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Singapore, 17 July 2023 – SingHealth is expanding the use of digital twin1 technology to deliver better care for patients through strengthening surveillance of disease outbreaks, redesigning workflow in healthcare facilities, and better healthcare facility planning. The implementation of a “4 Dimensional Disease Outbreak Surveillance System” (4D-DOSS) aims to unlock different possible applications in healthcare settings here, including near real-time monitoring, analysis, prediction and simulation of disease outbreaks and beyond. This follows the success of 3D-DOSS test projects that have been ongoing since 20202.
Challenges in Infectious Diseases Landscape
2 The rapidly changing nature of the infectious diseases landscape presents challenges to existing healthcare systems and processes. At present, hospitals have limited capabilities for the early detection of fast-moving disease outbreaks. Current processes of analysing outbreaks in hospitals rely largely on manual extractions of data with 24 to 36-hour latency and additional time required for the processing of data. It is also challenging to manually analyse spatial relationships and distances in a timely manner. Such limitations impact the tracking and control of transmissible infectious diseases.
3 Digital twin technology uses advanced spatial mapping platforms and leverages existing healthcare data systems to develop a ‘living’ digital replica or ‘twin’ of a space or system. Such spatial systems can be beneficial for infectious disease surveillance because tracking of these diseases within complex healthcare environments requires data to be represented in space and time, to map out contact networks3.
Positive Outcomes from 3D-DOSS Test Projects
4 Effective patient infectious disease surveillance involves the processing of multiple types of data such as patient symptoms, movement, locations (e.g. bed/room/ward positions, where patients were sited in relation to heating, ventilation, and air-conditioning, plumbing and sanitation elements etc.), as well as results of relevant laboratory and radiological tests (e.g. COVID-19, RV-16, microorganisms, etc.).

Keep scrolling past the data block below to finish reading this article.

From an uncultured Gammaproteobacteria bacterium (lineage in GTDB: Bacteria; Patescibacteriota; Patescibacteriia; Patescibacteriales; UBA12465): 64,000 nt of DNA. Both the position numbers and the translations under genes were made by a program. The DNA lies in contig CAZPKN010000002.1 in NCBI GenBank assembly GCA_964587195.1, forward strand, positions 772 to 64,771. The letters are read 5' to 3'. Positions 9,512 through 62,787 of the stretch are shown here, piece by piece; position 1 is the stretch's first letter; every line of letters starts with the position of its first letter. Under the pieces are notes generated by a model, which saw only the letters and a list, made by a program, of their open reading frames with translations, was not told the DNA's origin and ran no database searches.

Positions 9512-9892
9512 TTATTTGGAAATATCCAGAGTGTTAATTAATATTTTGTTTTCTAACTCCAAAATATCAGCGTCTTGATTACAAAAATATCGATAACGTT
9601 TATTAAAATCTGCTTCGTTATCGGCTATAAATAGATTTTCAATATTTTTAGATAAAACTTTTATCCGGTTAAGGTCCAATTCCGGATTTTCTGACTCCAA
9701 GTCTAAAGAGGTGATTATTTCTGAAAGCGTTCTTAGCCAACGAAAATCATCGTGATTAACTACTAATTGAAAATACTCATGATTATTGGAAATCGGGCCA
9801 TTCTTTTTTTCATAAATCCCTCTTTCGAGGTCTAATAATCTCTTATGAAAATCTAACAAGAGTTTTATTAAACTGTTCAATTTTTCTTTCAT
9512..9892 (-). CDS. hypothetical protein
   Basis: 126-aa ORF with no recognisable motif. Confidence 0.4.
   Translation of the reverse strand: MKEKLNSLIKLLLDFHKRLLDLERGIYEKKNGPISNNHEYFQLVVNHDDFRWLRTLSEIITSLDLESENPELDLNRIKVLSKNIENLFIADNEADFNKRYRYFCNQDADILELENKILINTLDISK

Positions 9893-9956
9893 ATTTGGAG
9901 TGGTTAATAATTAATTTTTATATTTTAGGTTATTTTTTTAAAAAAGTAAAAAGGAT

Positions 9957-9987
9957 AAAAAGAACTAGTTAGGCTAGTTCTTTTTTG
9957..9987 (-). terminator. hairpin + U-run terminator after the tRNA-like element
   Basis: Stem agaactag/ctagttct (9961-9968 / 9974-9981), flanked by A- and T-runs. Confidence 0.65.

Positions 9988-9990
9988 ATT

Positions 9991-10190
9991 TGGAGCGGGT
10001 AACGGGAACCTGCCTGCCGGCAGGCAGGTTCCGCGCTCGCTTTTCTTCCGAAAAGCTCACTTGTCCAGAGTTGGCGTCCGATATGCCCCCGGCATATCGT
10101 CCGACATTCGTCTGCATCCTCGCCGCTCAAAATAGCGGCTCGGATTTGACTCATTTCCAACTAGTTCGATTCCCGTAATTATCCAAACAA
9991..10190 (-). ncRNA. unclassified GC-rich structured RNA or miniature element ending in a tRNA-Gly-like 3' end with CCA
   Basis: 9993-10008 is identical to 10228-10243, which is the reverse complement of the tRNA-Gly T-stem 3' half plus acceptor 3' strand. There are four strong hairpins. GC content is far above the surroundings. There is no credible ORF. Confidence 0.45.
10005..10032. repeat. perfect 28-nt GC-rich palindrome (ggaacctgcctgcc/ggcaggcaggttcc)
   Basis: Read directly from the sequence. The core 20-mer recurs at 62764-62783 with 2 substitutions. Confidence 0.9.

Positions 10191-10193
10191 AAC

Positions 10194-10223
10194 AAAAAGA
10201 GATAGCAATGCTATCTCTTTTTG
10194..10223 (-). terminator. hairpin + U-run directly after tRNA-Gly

5 Since 2020, SingHealth has been developing a disease outbreak surveillance system to detect outbreaks of infectious diseases. The 3D-DOSS integrated anonymised patient data onto digital replicas of the Singapore General Hospital’s (SGH) physical spaces which allowed for a number of applications.
6 Through the digital twins of SGH, staff are able to visualise and assess disease spread across time and distance, detect infection clusters in test data, and predict the risk of future infection. The system is also able to efficiently produce reports of exposed contacts – key information required for contact tracing efforts – to effectively identify possible infectious disease clusters. This saves man-hours required for manual data collation, as well as cleaning and analysis of data. For instance, the 3D-DOSS system was able to detect an actual cluster of influenza patients, and a list of primary and secondary contacts with a COVID-positive worker. In addition, it allows for in-depth analysis that can shed light on the areas of the hospital or patient cohorts at greater risk of infection transmission. A review of the use of the 3D-DOSS at SGH was recently published in
Mayo Clinic Proceedings: Digital Health4.
Possibilities of 4D-DOSS
7 Dr Indumathi Venkatachalam, Senior Consultant, Infection Prevention and Epidemiology, SGH and Principal Investigator of the DOSS team, said, “The findings of the 3D-DOSS test projects are encouraging and showed that there is potential for real-life applications. With the model, the hospital will be able to implement a system to alert and trigger infection prevention measures in a timely manner when certain set thresholds are reached.”